veggie toddler - a young child learning how to walk and eat vegetables, not necessarily a wobbly vegetarian.


Monday, October 11, 2010

CSA Box of Treats: Collard Greens


Each week I open my box of organic vegetables and am surprised by what I find.

Last week I found a large green-leafed head of collard greens in my box. Although I live in the South now, I am from the Northeast, so cooking collard greens is simply not in my repertoire of vegetable side dishes. Faced with the task of preparing these enormous green leaves for the first time, I quickly went on line to find a recipe. After weeding out anything that required me to be in the kitchen for more than 30 minutes, I settled on a simple collard greens and bacon recipe. I rushed out to the grocery store to buy the bacon, came home and cooked up delicious collard greens of which I am sure even a real southerner would approve.

This week when I opened my box, I found another large bouquet of collard greens. I gave the impressive green leaves a wink and made a mental note to swing by the grocery store for more bacon. One thing led to another that afternoon and I ended up skipping my quick trip to the store. Then I got to thinking, why was I in such a rush to buy bacon again? The reason I didn’t have bacon lying around in the fridge is because I don’t usually cook with it. I love bacon but it is not something I buy every week. Why am I rushing out to buy bacon for the second time in 1-1/2 week? Oh yeah, I need bacon for the collard greens recipe.

Hmmm…. That doesn’t sound right. I signed up for my weekly organic veggie box in order to eat more organic vegetables not to add large amounts of bacon to my diet. Vegetables shouldn’t require fat and salt in order to taste good. Sure, bacon with collard greens is a delicious side dish. But if I am going to eat it every week, I need a new strategy.

In general there are 3 rules of thumb that I try to stick to in my kitchen:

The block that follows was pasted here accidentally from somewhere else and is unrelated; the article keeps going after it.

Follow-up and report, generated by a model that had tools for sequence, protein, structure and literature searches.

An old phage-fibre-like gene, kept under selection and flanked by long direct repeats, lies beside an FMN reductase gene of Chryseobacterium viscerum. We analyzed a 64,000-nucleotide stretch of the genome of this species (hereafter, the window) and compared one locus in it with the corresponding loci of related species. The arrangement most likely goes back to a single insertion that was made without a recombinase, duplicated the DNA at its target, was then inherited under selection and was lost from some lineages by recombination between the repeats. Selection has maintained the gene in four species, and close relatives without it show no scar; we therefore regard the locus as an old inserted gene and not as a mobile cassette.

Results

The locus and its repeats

1. Cook with what is on hand. I don’t let a missing ingredient keep me from making a home cooked meal. Instead, I put together whatever I have even if that means making new variations of familiar dishes. In other words, I improvise.

2. Cook simple dishes that do not require long prep or cooking durations. I love to cook but I don’t have the time or the energy to stand in my kitchen all day long. I like to chop it and cook it, and maybe give it a stir or a flip and then move on with my day.

3. Make it healthy. I try to cook with all fresh ingredients, salt only enough for flavor and use extra virgin olive oil as much as possible.

If I apply my 3 rules of thumb to me and my collard greens having a stare-down in my kitchen, it would seem that I do not need to rush off to the store for bacon. Instead, I reach into my box of organic vegetables to see what else I have on hand. “Garlic, and green pepper,” I say aloud as I reach into the box, “I can do something with those too.”

So Here is the recipe that I improvised in order to prove my point; collard greens do not NEED bacon in order to taste good. Enjoy!



Collard Greens (hold the bacon)

3 cloves garlic, minced
1 small onion, chopped
1 cup chicken broth (or vegetable broth)
¼ cup apple cider vinegar
1 tbsp. sugar
1/2 tsp. salt
¼ tsp pepper
Several dashes of hot sauce(to taste)
2lbs collard greens (or 1 large head), rinsed, center stem removed, cut into strips and then cut in half again
2 tbs. extra virgin olive oil
Optional: 1 small green pepper, chopped, or several stalks of celery, chopped

Sautee garlic and onion in olive oil over a medium flame for 3 minutes. Add any optional vegetables (other than the grens) and cook for another 3 minutes. Add chicken broth, vinegar, sugar, salt, pepper and hot sauce. Stir and bring to a slow boil. Add collard greens and stir. Simmer, covered, for about 20 minutes or until the greens have fully wilted and lost their bright green color. Serve warm in their juice as a side dish.

1 comment:

Carrie G said...

I'm almost hoping there'll be collard greens in the box tomorrow! I never thought I'd say that.